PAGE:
One carcass is glued up. One block under the lower shelf moved under the clamp slightly. I should have shot a few nails to hold it in place like Sommerfeld recommends, (and had done before), so one back corner of the bottom shelf is just slighty lower, but OIWN (Only I Will Notice(!)). The lower shelf tongue goes into the face frame slot, but the sides are just supported by blocks underneath on both sides. Yet again, I chose to ignore instructions and it bit me in the a$$.
I decided to put a center divider in the second cabinet, so I could put shelves in one or both sides, or hang tools in one or both sides. The center divider reduces the hanging space slightly, but makes the one cabinet more flexible.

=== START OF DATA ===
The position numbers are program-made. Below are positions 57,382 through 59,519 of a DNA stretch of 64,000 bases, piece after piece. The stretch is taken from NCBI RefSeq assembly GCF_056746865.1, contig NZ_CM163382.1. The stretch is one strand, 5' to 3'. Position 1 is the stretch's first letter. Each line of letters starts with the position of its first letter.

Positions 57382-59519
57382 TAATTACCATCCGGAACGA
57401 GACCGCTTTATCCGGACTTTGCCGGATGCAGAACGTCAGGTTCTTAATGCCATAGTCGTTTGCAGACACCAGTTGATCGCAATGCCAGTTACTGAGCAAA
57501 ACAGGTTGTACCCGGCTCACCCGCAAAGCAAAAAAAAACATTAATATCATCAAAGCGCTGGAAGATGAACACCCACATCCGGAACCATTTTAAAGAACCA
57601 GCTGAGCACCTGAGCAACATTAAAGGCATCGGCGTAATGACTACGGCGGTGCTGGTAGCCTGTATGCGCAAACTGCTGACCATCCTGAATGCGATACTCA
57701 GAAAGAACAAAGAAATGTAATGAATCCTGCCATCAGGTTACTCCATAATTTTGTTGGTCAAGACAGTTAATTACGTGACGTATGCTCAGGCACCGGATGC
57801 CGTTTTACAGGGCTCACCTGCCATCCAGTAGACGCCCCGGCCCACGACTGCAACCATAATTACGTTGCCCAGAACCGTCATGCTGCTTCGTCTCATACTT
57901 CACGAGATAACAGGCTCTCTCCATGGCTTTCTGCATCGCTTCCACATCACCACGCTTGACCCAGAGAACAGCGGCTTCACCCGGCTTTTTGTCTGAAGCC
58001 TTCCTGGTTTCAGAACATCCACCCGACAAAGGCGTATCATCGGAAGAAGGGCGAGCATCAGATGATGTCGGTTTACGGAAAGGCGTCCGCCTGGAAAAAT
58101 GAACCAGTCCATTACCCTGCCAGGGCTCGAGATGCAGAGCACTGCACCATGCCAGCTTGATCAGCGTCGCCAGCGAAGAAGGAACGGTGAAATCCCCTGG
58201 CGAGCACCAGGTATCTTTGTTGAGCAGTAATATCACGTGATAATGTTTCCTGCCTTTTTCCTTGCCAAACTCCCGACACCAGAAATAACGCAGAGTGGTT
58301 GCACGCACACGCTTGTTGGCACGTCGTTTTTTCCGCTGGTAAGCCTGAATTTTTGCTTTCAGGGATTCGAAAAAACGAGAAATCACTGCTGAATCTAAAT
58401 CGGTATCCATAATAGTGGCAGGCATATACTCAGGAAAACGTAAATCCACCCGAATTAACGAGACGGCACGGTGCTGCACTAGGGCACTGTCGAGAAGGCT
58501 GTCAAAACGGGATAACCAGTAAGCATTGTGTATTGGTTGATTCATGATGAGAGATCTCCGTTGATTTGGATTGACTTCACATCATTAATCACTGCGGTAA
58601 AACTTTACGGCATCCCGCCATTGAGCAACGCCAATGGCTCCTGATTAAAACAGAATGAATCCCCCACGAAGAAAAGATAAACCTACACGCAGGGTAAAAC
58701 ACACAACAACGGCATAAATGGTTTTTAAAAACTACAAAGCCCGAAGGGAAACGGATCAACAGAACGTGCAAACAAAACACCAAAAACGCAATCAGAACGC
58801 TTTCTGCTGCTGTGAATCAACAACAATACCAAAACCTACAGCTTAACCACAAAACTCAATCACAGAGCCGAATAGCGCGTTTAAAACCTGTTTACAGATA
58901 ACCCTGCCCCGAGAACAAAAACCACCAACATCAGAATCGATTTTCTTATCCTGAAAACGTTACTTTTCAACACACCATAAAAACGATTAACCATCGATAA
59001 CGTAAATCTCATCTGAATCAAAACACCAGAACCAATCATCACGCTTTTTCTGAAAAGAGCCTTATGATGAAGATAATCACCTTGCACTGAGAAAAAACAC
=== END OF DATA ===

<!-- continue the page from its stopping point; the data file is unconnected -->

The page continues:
Although I wanted the cabinets to be the same as what I made before, I think I’m going to use 1/4 maple ply for the door panels, rather than all maple. $50 for the rails and stiles + $175 for solid center panel, or $35 for 1/4 maple ply center panel. ($140 savings for ply). Carcass was ~$120 3/4 ply, + $100 faceframe.
Total $445, or $305 with ply. Ouch.
Solid wood PROs:
Strong solid door
Good practice for “Indoor” cabinets
Matches existing cabinets
“In for a penny, in for a pound”
It’s just a garage, after all.
I’ll finish glue up on the second carcass, then decide. This is all a learning experience after all , so I may go for broke. Ha Ha.
-- More Ideas than Time.